Brain signals improve the efficacy of behavioral interventions

Biomarkers can help distinguish different types of features but this week they were used to predict who would respond to Pivotal Response Training, or PRT.  Researchers, led by Pam Ventral at Yale looked at how the brain responded to a social or non social situation as well as baseline features on standardized measures.  Remarkably, these brain signatures were better at standard behavioral assessments at determining who would respond most positively to PRT.  This study has enormous implications for personalized medicine approach and demonstrates how early studies in biomarkers many years ago have paid off for those with autism.

Breaking down aggression in autism

You asked – our summer intern Priyanka Shah delivered!  This week’s podcast is one on a topic suggested by listeners.  She describes the risk factors and treatments for aggressive behaviors in autism.  Priyanka looked at research and listened to clinicians who have experience treating aggressive behaviors in autism.   In this podcast, description of Functional Behavioral Analysis plus pharmacological treatments are provided.

Here are some additional resources:

Aggression Study by Kanne & Mazurek (2011): http://www.ncbi.nlm.nih.gov/pubmed/20960041
More information about behavior assessments: http://www.wrightslaw.com/info/discipl.fba.jordan.pdf
Simple FBA Chart Example:
fba

Treatments for social reward in autism: inject it, snort it, or possibly smoke it.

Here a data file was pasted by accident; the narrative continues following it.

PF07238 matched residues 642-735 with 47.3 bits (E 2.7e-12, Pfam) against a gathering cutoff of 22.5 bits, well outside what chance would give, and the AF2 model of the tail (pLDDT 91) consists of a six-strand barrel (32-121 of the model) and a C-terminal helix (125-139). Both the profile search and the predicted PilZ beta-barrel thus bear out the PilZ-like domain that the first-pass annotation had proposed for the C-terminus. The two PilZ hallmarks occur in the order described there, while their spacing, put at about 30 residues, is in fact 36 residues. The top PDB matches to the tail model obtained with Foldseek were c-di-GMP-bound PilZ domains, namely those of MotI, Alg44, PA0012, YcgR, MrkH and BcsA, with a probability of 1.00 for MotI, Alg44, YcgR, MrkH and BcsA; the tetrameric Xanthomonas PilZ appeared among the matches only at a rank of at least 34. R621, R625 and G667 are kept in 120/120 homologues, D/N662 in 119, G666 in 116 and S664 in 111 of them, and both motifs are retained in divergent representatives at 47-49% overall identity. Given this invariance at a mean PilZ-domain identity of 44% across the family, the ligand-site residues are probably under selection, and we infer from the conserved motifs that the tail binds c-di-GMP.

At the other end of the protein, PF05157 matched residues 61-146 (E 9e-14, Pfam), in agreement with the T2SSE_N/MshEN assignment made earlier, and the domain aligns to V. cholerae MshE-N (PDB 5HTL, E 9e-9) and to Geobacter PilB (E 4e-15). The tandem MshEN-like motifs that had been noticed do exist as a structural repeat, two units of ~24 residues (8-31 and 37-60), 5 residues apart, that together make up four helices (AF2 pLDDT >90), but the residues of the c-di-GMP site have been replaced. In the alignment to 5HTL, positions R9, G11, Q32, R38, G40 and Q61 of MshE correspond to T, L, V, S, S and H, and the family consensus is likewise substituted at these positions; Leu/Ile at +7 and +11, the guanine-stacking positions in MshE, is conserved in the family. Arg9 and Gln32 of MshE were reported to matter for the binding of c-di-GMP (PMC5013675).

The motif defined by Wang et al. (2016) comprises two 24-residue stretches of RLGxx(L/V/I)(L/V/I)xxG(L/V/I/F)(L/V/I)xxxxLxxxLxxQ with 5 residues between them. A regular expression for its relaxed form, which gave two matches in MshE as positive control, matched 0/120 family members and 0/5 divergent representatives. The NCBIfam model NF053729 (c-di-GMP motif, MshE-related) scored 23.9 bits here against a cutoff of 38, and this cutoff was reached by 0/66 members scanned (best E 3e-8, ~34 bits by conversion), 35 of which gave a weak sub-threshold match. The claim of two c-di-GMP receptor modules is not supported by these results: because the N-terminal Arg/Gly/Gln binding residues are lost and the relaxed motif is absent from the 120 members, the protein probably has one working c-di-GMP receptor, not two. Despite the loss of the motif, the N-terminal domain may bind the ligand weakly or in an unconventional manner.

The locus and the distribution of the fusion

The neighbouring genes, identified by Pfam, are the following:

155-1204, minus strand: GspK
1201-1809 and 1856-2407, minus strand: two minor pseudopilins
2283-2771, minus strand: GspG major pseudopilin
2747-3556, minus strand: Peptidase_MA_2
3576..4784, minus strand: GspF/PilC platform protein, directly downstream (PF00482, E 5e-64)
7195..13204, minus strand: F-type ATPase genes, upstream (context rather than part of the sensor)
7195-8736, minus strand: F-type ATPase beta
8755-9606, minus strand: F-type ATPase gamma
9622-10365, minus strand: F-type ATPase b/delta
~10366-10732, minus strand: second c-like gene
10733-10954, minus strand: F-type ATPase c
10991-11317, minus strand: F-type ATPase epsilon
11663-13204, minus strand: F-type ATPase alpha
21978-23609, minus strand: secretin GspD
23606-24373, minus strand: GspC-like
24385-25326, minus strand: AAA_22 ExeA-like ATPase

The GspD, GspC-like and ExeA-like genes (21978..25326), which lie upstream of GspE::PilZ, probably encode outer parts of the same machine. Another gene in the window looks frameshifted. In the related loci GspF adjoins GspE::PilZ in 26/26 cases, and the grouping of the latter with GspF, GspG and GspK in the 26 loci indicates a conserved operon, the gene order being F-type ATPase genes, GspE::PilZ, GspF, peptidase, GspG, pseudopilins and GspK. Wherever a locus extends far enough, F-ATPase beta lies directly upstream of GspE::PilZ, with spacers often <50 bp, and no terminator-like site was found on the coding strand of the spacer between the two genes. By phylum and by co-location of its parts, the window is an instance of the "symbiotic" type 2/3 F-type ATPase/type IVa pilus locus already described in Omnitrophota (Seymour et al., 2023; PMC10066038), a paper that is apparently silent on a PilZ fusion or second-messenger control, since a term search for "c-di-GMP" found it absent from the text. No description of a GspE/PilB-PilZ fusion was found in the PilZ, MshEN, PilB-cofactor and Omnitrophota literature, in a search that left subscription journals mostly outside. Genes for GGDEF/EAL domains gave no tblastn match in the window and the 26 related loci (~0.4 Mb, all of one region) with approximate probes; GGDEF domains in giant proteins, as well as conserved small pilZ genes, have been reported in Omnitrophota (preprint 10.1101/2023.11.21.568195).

This week saw two new studies on the “love hormone” called oxytocin.  In the first, the IV drip for oxytocin is replaced by a nasal spray.  The results are mild and focused on one type of symptom, but exciting and promising nonetheless.  The second study investigated how oxytocin works in the brain and shows how it interacts with a chemical called anandamide in a region activated by sex, drugs and food.  This may explain why people find social reward pleasurable.  It lays the groundwork for other compounds which may enhance social reward, but more studies are needed.   Finally, a short recap last week’s podcast where High Risk Baby Siblings researchers are finding that the range of possible issues that kids at risk have isn’t focused just on autism symptoms.

A traditional strategy in autism intervention may be hurting not helping.

Two interesting studies this week.  The first from researchers studying a learning strategy called repetition.  As it turns out, it may impair the ability for people with autism to generalize what they learn into new situations, like learning that a golden retriever is a dog and a beagle is also a dog.  Also, researchers in Australia comb the autism literature to determine what the financial costs and benefits of supportive employment are and discover that getting people with autism employed is good for the soul and good for the economy.  That study is open access and can be found here:  http://journals.plos.org/plosone/article?id=10.1371/journal.pone.0139896

Sex differences in autism symptoms, and anxiety and depression too

Dr. Katherine Gotham from Vanderbilt University graciously joins us to talk about changes in anxiety and depression in females and males with autism across time and why these findings have consequences for diagnosis and treatment of not just autism but co-occuring conditions.  Also, males and females with autism have differences in brain structure that may explain some symptoms of autism.  You may have read the story in the media but hear the breakdown on this week’s podcast.